October 16, 2020

Patent Injunctions: “Anything but Unusual”

The popular Canadian pastime of snowmobile litigation has turned up yet another interesting decision (Bombardier Recreational Products Inc v Arctic Cat Inc, 2020 FC 946) – this time on the topic of injunctions. This decision of Justice Roy arose from the moving parties’ attempt to vary an Order issued by the Federal Court in Bombardier Recreational Products Inc v Arctic Cat Inc, 2020 FC 691. As Justice Roy noted, the Order itself was “anything but unusual,” and was representative of injunctions issued in patent cases time and time again. Given this and the existing jurisprudence, it was perhaps a predictable result that the parties were denied any relief.

However, two important takeaways arise from Justice Roy’s decision:

  • The decision reinforces the primacy of the patentee’s rights: patentees are entitled to the exclusive right, privilege and liberty of making, constructing and using their invention. Difficulties and significant burdens on other parties (whether or not they are parties to the action) will not diminish that right.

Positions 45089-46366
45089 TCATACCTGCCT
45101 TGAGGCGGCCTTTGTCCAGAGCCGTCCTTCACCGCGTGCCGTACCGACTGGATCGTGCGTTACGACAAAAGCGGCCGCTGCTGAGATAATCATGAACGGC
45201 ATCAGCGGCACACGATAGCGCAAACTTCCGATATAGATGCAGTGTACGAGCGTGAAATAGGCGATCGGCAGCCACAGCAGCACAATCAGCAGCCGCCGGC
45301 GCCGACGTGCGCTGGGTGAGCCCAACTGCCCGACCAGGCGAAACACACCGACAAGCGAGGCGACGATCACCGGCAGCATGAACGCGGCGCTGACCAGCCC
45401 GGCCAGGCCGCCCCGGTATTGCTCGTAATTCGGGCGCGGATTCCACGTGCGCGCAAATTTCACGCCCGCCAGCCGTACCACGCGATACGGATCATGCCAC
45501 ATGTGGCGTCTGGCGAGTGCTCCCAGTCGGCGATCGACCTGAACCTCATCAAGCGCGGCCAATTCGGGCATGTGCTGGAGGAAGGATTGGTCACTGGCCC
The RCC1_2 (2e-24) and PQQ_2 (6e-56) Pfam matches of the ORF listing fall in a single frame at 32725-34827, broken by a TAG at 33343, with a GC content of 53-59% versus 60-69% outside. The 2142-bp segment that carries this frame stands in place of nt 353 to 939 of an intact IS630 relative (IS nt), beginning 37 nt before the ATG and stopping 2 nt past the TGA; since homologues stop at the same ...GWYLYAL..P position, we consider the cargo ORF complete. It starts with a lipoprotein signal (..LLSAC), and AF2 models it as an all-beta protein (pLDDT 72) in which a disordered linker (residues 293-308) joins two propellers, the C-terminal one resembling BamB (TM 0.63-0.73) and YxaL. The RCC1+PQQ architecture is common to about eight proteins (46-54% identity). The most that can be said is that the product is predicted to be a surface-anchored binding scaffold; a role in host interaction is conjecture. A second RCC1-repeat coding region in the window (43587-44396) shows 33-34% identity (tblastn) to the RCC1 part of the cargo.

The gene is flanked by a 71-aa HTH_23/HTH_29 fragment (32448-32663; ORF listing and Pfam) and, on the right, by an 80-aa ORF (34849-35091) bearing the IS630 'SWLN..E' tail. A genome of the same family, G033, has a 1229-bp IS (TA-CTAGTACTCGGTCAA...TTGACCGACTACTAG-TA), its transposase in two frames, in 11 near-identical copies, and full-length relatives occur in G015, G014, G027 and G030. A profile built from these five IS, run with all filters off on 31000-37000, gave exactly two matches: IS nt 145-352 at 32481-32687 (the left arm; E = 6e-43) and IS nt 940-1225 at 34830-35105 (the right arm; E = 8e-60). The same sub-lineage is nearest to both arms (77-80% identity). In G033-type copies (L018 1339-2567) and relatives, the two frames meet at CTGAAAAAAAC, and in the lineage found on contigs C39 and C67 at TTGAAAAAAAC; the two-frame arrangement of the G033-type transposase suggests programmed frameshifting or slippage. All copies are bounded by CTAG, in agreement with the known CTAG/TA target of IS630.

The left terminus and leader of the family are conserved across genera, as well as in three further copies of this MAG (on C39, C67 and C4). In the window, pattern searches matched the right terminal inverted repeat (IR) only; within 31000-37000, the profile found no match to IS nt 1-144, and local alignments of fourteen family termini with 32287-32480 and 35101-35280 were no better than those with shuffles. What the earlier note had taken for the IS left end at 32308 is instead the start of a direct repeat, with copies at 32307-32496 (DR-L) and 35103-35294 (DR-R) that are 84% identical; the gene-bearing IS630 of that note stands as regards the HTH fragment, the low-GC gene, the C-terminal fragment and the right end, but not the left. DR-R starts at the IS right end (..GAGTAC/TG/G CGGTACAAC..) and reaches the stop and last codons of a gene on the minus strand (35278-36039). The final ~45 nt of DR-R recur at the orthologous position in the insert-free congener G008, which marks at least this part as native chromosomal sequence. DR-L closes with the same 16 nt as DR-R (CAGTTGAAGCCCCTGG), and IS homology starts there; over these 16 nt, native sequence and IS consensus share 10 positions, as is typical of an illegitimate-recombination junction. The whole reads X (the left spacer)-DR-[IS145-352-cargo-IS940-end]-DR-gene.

• Injunctions have a significant impact and businesses – including non-parties to litigation – facing potential injunctions have an obligation to prepare: this sentiment was echoed in both the Federal Court of Appeal’s (“FCA”) decision denying Arctic Cat a stay of the injunction and Justice Roy’s decision. At the FCA, the Court wrote that “much of the irreparable harm alleged by the appellants was self-inflicted and avoidable.” Given the amount of time available, “the appellants could have made some sort of contingency plan in case it lost the remand.”